The Rebel Girl: The State of Gay Marriage

Catherine Sameh

THE VERMONT SUPREME Court ruled on December 21, 1999 that the state must guarantee the same protections and benefits to gay and lesbian couples that it does to heterosexual spouses. Falling just short of legalizing same-sex marriage, the Court left it up to the Legislature to take its ruling the distance.

Since late December, thousands of anti-gay people have flooded Vermont Governor Douglas Racine’s office with calls of protest. Fueled by Dr. Laura Schlessinger, the popular radio talk-show host who urged listeners to call Vermont, anti-gay forces have not let up.

Our enemies understand, as do gays, lesbians and their supporters, that the Vermont ruling could permanently change the institution of marriage.

Before the Vermont ruling, the possibility of same-sex marriage lived mostly on the printed page, in lively debates among conservative, liberal and left pro-gay thinkers, within publications like The Nation and Ms., and in such interesting anthologies as Same-Sex Marriage: Pro and Con (Vintage, 1997) and Here Lies My Heart: Essays and Why We Marry, Why We Don’t, and What We Find There (Beacon, 1999).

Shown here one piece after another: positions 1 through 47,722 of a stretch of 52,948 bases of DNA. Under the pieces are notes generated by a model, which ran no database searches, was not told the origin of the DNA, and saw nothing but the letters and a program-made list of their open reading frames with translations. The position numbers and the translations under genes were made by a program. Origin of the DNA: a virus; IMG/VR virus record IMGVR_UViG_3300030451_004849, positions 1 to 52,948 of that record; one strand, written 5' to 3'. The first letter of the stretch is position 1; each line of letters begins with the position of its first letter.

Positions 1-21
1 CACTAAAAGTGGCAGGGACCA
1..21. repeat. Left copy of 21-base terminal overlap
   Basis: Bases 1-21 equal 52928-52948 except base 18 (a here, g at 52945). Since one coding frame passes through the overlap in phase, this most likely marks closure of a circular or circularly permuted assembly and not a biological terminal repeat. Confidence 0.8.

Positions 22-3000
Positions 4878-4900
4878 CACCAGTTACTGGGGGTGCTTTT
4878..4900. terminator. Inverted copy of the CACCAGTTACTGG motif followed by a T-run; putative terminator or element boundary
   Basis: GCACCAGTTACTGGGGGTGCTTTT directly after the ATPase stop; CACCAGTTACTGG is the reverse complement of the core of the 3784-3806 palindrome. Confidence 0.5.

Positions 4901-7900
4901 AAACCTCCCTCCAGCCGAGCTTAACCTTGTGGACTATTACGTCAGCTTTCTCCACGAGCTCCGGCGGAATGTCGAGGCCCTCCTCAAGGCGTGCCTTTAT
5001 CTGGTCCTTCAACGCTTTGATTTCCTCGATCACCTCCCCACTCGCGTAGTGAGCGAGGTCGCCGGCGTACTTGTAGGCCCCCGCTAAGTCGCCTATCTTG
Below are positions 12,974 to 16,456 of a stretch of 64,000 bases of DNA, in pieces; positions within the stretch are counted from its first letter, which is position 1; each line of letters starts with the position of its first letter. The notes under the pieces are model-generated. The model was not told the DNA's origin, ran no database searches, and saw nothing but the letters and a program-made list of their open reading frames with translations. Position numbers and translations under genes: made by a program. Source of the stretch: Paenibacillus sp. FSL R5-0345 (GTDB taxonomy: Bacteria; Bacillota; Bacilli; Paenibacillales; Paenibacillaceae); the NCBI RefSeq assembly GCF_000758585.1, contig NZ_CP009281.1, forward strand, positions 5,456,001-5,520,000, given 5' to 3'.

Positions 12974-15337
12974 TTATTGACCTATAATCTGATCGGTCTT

Such controversies unearthed the issue, presenting it in all its complexity. The irony of the Vermont ruling is that, in bringing the possibility of same-sex marriage to the real world, it promises such a revolutionary victory that it may mute those debates and simplify the issue.

With such vitriol from anti-gay forces, it’s hard not to be simply ecstatic at one small state’s giant step, to simply revel in that joy that citizenship can bring. Hundreds if not thousands of rights and privileges, most of them quite substantial, could soon be the provence of queer couples in that state.

Surely it would be only a matter a time before other states followed suit.

Marriage itself, already radically transformed by feminism, would continue to evolve, open up, take on new meanings. Or would it? That’s the question that refuses to be quieted, even through the joyous noise of celebration and victory.

Will marriage for queers offer lasting love, security and reward, or will it “open up to gay men and lesbians whole new vistas of guilt, frustration, claustrophobia, bewilderment, declining self-esteem, unfairness and sorrow [and] offer them the opportunity to prolong this misery by tormenting each other in court,” as Katha Pollitt asked in The Nation? (April 29, 1996)

Will it be a little of both scenarios? Something in between? Depends on the people? Something entirely different?

The answers will unfold, for Vermont couples if the Legislature legalizes same-sex marriage and for other couples if this ruling catches on. In the meantime, perhaps all we can say is that the dilemma is worth wrestling with.

[For updates and action alerts, contact Vermont Freedom to Marry, P.O. Box 1038, Middlebury VT 05753, 802-388-2633, e-mail:]

ATC 85, March-April 2000